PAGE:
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    What you probably need is a constant current source feeding the phototransistor and the output being compared against a reference voltage. (The constant current source will give you a greater sensitivity than just using a resistor, and the output voltage is not determined by your supply rail.)

    varying the gap between the normal (unblocked) output voltage and the reference would vary the sensitivity.

    For best sensitivity, you would derive the reference from the average output voltage of the phototransistor and then add some variable offset. This would be preferable because the transistor's operating point could vary with temperature, and other variables. Deriving a reference from the output voltage ensures that drift doesn't become so much of a problem.
     
  5. KrisBlueNZ

    KrisBlueNZ Sadly passed away in 2015

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    Nov 28, 2011
    Thanks for the clarification. I was wondering the same things that Adam asked.

    TX and RX mean transmit (or transmitter) (i.e. the LED) and receive (or receiver) (i.e. the phototransistor).

    For that particular problem, a simple solution is to reduce the value of the emitter resistor.

    Here's an explanation.

    The phototransistor responds to light intensity by producing a roughly proportional photocurrent, or more correctly, by allowing a current to flow through it, from its collector to its emitter.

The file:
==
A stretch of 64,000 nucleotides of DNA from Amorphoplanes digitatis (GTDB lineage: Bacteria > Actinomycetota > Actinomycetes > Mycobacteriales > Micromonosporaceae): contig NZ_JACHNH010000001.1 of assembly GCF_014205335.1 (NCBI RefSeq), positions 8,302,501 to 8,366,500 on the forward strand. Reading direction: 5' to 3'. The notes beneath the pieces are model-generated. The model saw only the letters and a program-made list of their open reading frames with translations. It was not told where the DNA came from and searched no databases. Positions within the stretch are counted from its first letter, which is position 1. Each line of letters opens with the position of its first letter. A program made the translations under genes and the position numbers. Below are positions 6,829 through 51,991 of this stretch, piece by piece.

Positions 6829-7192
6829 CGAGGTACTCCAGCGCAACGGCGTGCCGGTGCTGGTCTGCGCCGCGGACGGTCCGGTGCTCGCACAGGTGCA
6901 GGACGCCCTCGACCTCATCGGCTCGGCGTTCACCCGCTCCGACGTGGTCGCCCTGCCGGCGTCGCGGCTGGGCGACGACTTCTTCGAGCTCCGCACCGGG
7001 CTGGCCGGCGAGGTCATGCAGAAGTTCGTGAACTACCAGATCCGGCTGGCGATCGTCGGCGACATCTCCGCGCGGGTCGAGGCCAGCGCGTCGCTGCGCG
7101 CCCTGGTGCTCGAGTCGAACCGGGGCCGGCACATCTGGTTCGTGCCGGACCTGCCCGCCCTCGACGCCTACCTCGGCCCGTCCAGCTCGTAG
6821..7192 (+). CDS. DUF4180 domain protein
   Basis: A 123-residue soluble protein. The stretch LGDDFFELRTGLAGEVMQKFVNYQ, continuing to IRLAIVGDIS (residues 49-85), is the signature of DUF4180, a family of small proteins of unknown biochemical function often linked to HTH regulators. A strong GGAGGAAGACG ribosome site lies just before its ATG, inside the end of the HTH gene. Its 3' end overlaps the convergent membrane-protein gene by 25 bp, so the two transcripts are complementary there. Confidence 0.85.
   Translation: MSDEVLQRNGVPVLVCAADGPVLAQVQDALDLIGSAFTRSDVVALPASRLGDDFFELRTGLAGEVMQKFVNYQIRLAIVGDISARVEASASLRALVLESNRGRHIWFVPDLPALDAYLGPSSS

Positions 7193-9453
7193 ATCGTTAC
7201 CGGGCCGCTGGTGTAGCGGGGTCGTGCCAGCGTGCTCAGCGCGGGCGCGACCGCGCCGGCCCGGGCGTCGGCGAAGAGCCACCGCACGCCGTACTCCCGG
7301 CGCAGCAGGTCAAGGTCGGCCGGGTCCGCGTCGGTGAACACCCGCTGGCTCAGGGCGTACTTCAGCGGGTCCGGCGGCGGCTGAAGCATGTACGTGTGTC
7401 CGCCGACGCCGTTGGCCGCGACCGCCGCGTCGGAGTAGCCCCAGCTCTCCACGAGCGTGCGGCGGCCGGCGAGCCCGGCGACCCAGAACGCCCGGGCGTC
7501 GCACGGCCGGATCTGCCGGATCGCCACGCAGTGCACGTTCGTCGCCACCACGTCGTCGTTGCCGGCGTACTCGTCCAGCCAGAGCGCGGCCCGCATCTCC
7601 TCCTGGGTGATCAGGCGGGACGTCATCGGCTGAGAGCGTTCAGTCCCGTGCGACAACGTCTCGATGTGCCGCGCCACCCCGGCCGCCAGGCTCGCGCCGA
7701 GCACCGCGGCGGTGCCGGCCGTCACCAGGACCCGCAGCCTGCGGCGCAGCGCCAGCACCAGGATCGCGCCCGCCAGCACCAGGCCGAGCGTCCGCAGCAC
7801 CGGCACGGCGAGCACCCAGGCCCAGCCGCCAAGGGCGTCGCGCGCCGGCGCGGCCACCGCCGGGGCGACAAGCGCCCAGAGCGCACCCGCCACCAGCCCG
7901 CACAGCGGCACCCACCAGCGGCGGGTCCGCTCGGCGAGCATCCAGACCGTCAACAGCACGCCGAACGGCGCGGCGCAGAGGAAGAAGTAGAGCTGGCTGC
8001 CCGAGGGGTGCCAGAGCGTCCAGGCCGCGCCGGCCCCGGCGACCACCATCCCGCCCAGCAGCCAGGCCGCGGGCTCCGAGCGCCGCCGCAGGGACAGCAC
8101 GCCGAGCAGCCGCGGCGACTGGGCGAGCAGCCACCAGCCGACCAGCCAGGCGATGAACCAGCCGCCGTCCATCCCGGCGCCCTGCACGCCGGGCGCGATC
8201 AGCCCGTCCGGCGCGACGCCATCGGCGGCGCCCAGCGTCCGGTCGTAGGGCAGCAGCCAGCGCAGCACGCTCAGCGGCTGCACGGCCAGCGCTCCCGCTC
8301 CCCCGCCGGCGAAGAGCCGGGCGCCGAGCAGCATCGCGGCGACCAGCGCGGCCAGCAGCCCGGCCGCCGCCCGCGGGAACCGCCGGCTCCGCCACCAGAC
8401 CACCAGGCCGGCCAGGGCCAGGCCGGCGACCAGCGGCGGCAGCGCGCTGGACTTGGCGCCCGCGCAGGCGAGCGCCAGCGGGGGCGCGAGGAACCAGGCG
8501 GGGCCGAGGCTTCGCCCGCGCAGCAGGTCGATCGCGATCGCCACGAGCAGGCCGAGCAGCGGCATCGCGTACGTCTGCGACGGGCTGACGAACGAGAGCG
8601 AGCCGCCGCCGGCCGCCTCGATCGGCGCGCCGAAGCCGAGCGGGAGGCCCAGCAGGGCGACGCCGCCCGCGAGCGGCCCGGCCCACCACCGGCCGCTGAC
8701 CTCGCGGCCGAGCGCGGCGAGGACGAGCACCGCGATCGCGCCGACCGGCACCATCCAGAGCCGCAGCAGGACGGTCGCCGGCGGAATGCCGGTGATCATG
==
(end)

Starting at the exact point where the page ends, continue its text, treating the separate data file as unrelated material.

So if you connected a phototransistor across a power supply with no series resistor (don't actually do this because you could damage it if the light is bright enough), and measured the current through it, you would see the current vary roughly linearly in response to the light falling on the phototransistor.

    Imagine that you subject the phototransistor to a steadily increasing light intensity. The current might start at 0.1 mA, increase smoothly through 1.0 mA, and eventually reach 10 mA.

    The 555's trigger input responds to voltage. So you need some way to convert the current from the phototransistor into a voltage; hence the emitter resistor.

    But the combination of the supply voltage and the value of the emitter resistance sets a limit for the current that can flow through the phototransistor, according to Ohm's Law: I = V / R. In your case, V isn't specified, so I'll assume it's 12V, and R is 8.2k. That limits the current to about 1.5 mA.

    Now imagine that you subject the phototransistor to the same steadily increasing light intensity. Initially, say, 0.1 mA will flow. This produces a voltage drop of 0.82V across the resistor (from a rearrangement of Ohm's Law: V = I R). There will be 11.18V remaining across the phototransistor.